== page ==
The U.S. Army Corps of Engineers, Buffalo District has resumed Buffalo South breakwater construction operations this weekend to repair 625 feet out of the 1,000 foot degraded section, and is scheduled for completion in the fall 2020.
The contractor, Ryba Marine Construction, started construction work July 2019 to December 2019 before they stopped operation due to winter weather conditions.
The Corps of Engineers has identified the 625 feet under construction as the most degraded area to repair based on available funding. Repairs to the remaining reach is dependent upon receiving additional funding.
The 10,200-foot Buffalo South breakwater protects the Buffalo Harbor and nearby dredged sediment confined disposal facilities from deep water wave and ice action. These conditions, along with the age of the structure, have contributed to sections of the south end to breakdown and unravel.
“I am pleased with the continued work that the Army Corps of Engineers has invested into Buffalo’s waterfront,” said Senator Kirsten Gillibrand. “They are not only protecting the investment we have made into Western New York’s waterways, but making it safer for all that utilize Buffalo Harbor.”
"Continued progress toward an active waterfront requires regular maintenance and protective measures in and around the water," said Congressman Brian Higgins. "The south breakwater has experienced significant deterioration. These improvements, led by Buffalo's Army Corps team, will serve to enhance conditions for boaters and water activities and protect the water's edge along the Outer Harbor around Buffalo Harbor State Park and the Small Boat Harbor."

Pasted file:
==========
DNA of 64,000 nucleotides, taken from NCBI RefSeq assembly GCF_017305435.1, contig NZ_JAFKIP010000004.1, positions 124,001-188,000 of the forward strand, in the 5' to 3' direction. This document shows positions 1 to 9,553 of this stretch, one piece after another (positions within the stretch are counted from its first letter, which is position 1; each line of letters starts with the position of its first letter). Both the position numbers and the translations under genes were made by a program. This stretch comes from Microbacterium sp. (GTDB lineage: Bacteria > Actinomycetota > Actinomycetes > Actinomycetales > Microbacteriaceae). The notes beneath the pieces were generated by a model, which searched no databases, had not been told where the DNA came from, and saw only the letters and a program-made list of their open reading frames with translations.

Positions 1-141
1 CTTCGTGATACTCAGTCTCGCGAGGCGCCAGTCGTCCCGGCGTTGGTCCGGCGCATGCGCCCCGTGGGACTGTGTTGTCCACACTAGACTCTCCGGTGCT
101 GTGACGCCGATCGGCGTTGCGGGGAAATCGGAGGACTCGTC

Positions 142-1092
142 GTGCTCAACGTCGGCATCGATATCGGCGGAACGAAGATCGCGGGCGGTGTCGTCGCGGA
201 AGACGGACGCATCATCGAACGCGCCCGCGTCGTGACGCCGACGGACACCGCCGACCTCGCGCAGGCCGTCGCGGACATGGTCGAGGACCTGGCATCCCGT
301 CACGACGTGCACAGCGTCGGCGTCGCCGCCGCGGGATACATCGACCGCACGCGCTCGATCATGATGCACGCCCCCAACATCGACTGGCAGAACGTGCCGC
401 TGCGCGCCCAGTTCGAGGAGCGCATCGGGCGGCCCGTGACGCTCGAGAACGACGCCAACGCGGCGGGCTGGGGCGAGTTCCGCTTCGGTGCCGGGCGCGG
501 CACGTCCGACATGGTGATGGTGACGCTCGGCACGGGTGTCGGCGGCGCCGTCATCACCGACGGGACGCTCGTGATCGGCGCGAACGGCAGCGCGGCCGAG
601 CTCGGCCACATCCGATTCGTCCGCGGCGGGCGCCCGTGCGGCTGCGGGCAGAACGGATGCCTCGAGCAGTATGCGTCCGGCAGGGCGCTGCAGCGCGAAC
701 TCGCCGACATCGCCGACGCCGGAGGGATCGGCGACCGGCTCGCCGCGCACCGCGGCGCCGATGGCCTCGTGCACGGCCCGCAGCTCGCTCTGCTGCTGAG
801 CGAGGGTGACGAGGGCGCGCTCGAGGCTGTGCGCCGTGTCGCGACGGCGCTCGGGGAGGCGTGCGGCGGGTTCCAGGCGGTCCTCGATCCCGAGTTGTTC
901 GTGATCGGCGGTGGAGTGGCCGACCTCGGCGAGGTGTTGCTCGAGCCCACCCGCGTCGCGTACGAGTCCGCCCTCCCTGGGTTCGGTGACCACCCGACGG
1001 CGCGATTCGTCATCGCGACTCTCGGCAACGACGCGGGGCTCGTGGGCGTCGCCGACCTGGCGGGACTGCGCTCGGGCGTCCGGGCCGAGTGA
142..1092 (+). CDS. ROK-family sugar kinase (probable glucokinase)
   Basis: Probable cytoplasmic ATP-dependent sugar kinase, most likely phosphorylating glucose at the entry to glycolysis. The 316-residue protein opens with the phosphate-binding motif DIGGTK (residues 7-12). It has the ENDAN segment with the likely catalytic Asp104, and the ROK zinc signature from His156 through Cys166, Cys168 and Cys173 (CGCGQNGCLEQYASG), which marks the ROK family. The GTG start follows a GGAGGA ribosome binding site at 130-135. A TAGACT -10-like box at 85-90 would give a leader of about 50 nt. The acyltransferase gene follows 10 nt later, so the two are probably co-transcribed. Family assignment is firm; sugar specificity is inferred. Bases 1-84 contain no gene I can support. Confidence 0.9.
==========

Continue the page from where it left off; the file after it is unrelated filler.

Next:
“We have seen the powerful storms that come off Lake Erie generating high winds, waves, and ice that can damage the breakwater and shoreline infrastructure,” said LTC Jason Toth, USACE Buffalo District Commander. “Maintaining the south breakwater provides safe navigation within the Buffalo Harbor, and contributes to the coastal resiliency of property and shoreline infrastructure behind the breakwater. With Lake Erie water levels at a record high and storms being stronger and more frequent, it is timely that this vital piece of infrastructure is repaired.”
Project Photos: https://www.flickr.com/photos/buffalousace/albums/72157714207624117
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